JoAnne Redding
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JoAnne Redding

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"The Berkshire Eagle"

With a measure of national clout, songwriter JoAnne Redding and her band will perform at the Mahaiwe Theater on October 2nd. A regular at The Guthrie Center here in Great Barrington, Redding has shared the bill with country stars Hank Williams Jr., Neal McCoy, Asleep at the Wheel, John Berry, and The Mavericks. She appeared at the Falcon Ridge Folk Festival, selected from more than 400 applicants. And the title cut from her album The Running Kind was featured on the daytime drama All My Children. The Berkshire Eagle's former pop music critic, Seth Rogovoy, dubbed her the "Lyle Lovett of the Berkshires." Redding, of course, is a local hero. — Allison Tracy - The Berkshire Eagle

"The Advocate"

With a voice that is at times soft and sultry but is equally comfortable belting out a tune, Redding moves from folk to country to blues and back again with aplomb. — Dale Ott - The Advocate

"Berkshires Week"

After four years, JoAnne Redding is back with a new recording. The album features more folk-oriented, singer-songwriter fare from Redding than in the past, such as "Love and a Song," about an overlooked older musician who once tasted a bit of glory. There are still hints of Redding's country background, such as the mandolin on "Chameleon," but the arrangements evoke a more mainstream sound and Redding strikes a more conventional vocal tone, as much rock and folk as country and blues, so that she would appeal equally to fans of Shania Twain, Melissa Etheridge, Shawn Colvin, Bonnie Raitt, and Patti Scialfa. This homegrown effort features terrific instrumental support by an all-star cast of the best of the Berkshires, including multi-instrumentalists Bobby Sweet and Adam Michael Rothberg, drummer Dave Lincoln and bassist Jody Lampro, among others. — Seth Rogovoy - Berkshires Week

"Music Revue"

Music Revue Magazine
A great vocalist and spirited performer, JoAnne Redding offers up a fine collection of bluesy, country, and gospel songs on The Running Kind. Her "Take It From Me" has a similar feel to Bonnie Raitt's version of John Prine's classic "Angel From Montgomery," with a strong and sincere vocal and understated rural blues guitar fills from Bobby Sweet. "Forty-Something Female" is cool western swing with self-effacing lyrics about the joys of advancing maturity.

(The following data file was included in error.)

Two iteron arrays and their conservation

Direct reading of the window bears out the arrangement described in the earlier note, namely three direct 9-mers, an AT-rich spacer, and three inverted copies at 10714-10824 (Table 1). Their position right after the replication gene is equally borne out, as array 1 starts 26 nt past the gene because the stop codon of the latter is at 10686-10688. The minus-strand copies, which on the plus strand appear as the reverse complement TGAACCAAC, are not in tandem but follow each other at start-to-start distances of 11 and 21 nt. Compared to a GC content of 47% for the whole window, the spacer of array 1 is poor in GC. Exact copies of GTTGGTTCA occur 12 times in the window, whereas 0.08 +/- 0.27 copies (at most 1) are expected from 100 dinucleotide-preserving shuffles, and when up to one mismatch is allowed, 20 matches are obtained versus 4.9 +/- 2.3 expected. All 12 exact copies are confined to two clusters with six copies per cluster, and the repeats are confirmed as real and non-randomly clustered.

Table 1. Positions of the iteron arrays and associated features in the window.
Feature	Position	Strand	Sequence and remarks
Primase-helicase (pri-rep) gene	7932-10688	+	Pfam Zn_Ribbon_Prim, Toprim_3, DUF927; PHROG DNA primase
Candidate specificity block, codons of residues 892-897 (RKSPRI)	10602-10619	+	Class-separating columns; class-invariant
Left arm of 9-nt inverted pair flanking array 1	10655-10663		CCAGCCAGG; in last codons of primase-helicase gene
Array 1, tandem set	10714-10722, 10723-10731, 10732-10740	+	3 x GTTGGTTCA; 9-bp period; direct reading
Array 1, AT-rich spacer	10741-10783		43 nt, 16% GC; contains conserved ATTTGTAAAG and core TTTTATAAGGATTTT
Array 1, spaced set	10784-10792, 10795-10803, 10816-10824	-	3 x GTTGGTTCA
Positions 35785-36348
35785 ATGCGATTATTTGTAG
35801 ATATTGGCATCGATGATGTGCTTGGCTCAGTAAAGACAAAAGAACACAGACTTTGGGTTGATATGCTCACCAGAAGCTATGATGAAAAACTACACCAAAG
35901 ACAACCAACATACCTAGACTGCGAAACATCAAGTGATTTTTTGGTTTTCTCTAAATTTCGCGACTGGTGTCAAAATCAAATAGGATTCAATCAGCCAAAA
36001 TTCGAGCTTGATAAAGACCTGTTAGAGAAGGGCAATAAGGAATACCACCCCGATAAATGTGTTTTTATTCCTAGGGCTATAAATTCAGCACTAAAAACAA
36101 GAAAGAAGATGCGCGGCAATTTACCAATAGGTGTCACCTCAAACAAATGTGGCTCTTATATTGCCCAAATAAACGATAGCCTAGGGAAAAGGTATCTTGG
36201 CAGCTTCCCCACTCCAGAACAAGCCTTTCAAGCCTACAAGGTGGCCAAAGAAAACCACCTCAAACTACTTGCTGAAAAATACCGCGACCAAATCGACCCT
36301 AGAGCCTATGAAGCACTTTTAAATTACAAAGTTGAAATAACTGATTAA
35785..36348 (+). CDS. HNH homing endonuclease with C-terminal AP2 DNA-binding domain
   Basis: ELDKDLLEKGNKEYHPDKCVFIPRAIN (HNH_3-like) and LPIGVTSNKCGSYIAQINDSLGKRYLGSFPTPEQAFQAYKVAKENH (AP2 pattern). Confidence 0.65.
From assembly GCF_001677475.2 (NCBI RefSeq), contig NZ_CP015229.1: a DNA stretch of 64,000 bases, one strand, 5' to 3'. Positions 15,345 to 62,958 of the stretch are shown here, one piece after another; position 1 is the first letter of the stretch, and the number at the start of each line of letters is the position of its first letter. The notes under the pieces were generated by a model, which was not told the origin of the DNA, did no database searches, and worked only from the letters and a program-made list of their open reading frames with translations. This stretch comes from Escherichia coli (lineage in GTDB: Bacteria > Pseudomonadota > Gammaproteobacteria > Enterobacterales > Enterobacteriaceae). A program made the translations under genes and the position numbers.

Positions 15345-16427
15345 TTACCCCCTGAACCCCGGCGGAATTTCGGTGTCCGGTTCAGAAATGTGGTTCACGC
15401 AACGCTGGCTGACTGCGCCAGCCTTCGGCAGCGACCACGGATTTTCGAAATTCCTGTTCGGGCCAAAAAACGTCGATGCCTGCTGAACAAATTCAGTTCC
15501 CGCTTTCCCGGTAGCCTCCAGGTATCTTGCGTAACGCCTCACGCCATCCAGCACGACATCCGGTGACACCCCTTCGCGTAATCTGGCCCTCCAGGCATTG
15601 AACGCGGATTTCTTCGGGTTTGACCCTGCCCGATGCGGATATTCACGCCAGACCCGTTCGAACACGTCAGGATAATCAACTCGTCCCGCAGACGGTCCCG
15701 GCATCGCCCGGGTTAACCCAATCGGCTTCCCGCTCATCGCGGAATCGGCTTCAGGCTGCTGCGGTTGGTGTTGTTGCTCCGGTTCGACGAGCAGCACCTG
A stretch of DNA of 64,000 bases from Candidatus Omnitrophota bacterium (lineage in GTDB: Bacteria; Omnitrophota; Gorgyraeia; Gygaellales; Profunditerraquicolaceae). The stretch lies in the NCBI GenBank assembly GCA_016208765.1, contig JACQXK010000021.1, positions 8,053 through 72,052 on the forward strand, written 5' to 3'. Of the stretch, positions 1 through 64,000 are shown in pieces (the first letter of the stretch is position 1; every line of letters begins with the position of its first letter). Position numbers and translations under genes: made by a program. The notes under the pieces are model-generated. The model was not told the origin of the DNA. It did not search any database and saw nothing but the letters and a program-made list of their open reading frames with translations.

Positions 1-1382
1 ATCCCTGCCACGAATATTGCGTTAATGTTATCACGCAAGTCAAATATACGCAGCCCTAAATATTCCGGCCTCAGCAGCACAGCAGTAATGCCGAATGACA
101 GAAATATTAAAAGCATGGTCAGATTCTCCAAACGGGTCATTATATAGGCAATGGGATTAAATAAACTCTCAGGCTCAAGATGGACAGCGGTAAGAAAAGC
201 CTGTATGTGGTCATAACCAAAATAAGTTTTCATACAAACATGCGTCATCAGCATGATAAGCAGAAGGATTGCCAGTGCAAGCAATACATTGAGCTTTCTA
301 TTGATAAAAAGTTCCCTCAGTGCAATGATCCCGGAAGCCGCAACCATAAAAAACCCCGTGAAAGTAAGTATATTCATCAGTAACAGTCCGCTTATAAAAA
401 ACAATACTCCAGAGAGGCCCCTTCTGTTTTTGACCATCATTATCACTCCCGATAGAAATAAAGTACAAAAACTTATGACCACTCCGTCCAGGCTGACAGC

As a songwriter and singer, Redding shows great range in musical styles, from the quiet ballad, "On The Outside Looking In" to the steamy country funk of "I Want Everything." Her "The Patient Kind" should be all over the radio, an instant classic that should be in the repertoire of all the top country vocalists, although it's hard to imagine anyone topping her own version.

Redding is also a great interpreter of others' songs, like her cover of Lee Roy Parnell's "You're Taking Too Long" and "Richest One" by Bill Carter. As with her own material, she has a way of getting right to the heart of the song and making it totally believable and powerful. Even non-believers will be praising the Lord by the time Redding hits the high notes at the end of her gospel rocker, "Thy Will Be Done." Like the best singer-songwriter albums, "The Running Kind" gets better with each listening. — Paul Burton
- Music Revue

"Berkshires Week"

JoAnne Redding kicks off her new CD, The Running Kind,with the hard-rocking title track, a radio-ready mainstream roots-rocker worthy of heartland performers like Melissa Etheridge or John Mellencamp. Throughout the next nine songs, Redding's rootsy versatility is felt through the comic western-swing novelty of "Forty-Something Female" ("Still got that jiggle but it's lower/Than it ever used to be"), the classic country balladry of "On the Outside Looking In," the sassy, sexy blues-rock strut of "I Want Everything," and the teasingly naughty "Pink Slip Blues," With a version of Lee Roy Parnell's bluesy, swinging "You're Taking Too Long," featuring Berkshire's Bobby Sweet, who co-produced the album with Redding, on slide guitar, and the gospel-rock strains of "Thy Will Be Done," Redding comes across as nothing less than the Berkshires' answer to Bonnie Raitt, or perhaps the female answer to Lyle Lovett." — Seth Rogovoy - Berkshires Week

"Singer & Musician Magazine"